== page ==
In the strategic planning process, school leaders who are responsible for the future of their schools may lean toward enduring the process when they could—and perhaps should—move to engaging and embracing the questions to open up creative thinking and options.
In our work with schools, we emphasize the language of “compasses over maps”—the idea that a strategic plan should choose a clear direction without attempting to anticipate a detailed sequence of action steps over several years. With this lens—which we learned from Whiplash: How to Survive Our Faster Future by Joi Ito and Jeff Howe—schools can adjust their tactics to respond to a changing landscape while still heading in a direction that serves their missions and values.
To embrace ambiguity:
- Let go of preconceived notions about what the process should be and what the plan should look like. Remind yourself: Don’t anticipate the answers.
- Listen, listen, listen. And try to not just listen from your particular seat at school (“I’m on the board so I should…”). Use phrases like “Tell me more” and “Can you share a story that highlights that for me?”
- Expect to feel really uncomfortable, challenged, and not certain at points of the process. Discuss at the beginning of the process so that folks aren’t surprised if they feel the same. (We like the Gartner hype cycle to visualize what this work may feel like.)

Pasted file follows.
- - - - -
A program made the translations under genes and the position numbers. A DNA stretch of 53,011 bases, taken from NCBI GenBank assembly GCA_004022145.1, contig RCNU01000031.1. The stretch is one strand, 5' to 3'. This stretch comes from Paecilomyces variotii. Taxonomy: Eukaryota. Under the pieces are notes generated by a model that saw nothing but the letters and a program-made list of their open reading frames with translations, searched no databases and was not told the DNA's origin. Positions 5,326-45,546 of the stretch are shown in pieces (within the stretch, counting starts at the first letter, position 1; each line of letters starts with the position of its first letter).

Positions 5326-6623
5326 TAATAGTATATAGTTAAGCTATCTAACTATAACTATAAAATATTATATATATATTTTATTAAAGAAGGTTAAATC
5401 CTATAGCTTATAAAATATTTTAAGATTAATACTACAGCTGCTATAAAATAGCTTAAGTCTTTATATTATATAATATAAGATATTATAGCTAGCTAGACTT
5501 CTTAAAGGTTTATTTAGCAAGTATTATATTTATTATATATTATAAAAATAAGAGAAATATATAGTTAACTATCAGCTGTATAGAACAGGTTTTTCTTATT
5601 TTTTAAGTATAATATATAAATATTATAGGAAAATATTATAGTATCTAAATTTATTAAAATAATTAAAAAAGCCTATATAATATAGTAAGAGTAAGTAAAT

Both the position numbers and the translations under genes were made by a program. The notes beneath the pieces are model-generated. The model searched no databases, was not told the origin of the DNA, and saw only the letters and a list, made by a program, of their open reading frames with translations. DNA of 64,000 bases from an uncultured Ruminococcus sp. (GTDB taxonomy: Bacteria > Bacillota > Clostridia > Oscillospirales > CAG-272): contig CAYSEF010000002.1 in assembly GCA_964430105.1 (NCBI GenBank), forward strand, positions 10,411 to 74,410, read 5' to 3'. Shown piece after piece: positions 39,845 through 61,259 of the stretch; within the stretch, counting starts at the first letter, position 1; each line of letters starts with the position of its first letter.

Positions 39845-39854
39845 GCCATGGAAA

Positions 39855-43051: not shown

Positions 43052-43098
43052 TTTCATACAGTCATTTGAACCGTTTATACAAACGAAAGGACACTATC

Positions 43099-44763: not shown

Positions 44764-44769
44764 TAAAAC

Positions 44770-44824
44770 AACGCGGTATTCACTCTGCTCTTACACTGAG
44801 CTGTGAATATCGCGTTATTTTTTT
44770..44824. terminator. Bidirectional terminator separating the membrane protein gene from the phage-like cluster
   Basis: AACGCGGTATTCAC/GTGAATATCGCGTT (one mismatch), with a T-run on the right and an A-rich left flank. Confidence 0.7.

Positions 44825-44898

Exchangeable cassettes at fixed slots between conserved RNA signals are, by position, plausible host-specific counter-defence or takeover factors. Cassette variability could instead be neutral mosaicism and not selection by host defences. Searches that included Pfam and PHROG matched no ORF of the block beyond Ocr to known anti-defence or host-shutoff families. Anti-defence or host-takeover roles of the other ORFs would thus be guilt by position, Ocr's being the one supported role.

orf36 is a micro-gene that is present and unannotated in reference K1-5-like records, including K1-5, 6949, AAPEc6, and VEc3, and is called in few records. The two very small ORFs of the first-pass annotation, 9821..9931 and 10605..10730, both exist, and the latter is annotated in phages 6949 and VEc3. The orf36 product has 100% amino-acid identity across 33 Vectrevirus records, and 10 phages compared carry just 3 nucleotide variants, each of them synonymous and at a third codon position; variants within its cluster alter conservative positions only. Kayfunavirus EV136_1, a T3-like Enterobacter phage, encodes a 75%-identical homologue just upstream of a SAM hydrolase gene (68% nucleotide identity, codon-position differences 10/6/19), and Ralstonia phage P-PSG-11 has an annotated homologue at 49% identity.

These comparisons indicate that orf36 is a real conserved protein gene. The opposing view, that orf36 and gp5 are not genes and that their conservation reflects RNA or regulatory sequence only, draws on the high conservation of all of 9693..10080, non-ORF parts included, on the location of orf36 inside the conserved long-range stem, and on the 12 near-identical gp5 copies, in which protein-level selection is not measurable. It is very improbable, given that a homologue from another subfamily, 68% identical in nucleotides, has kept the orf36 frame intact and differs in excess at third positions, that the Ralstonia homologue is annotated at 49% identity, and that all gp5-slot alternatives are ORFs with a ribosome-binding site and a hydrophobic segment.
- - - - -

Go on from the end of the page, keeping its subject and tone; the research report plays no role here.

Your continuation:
- Think about the stages of navigating ambiguity. Are you merely “enduring” ambiguity? Can you consider “engaging” or “embracing” topics and issues that make you uncomfortable? How might you actively reframe your approach to ambiguity by formally naming it and making it a part of each stage of the process?
The Importance of Needfinding
In our work, we’ve found that most schools start talking about “what to do” too early. We suspect that’s because we live in a pragmatic culture, and talking about what we’re going to do has an appealing, let’s-cut-to-the-chase ring to it. After all, isn’t that the point? Aren’t we here to decide what to do?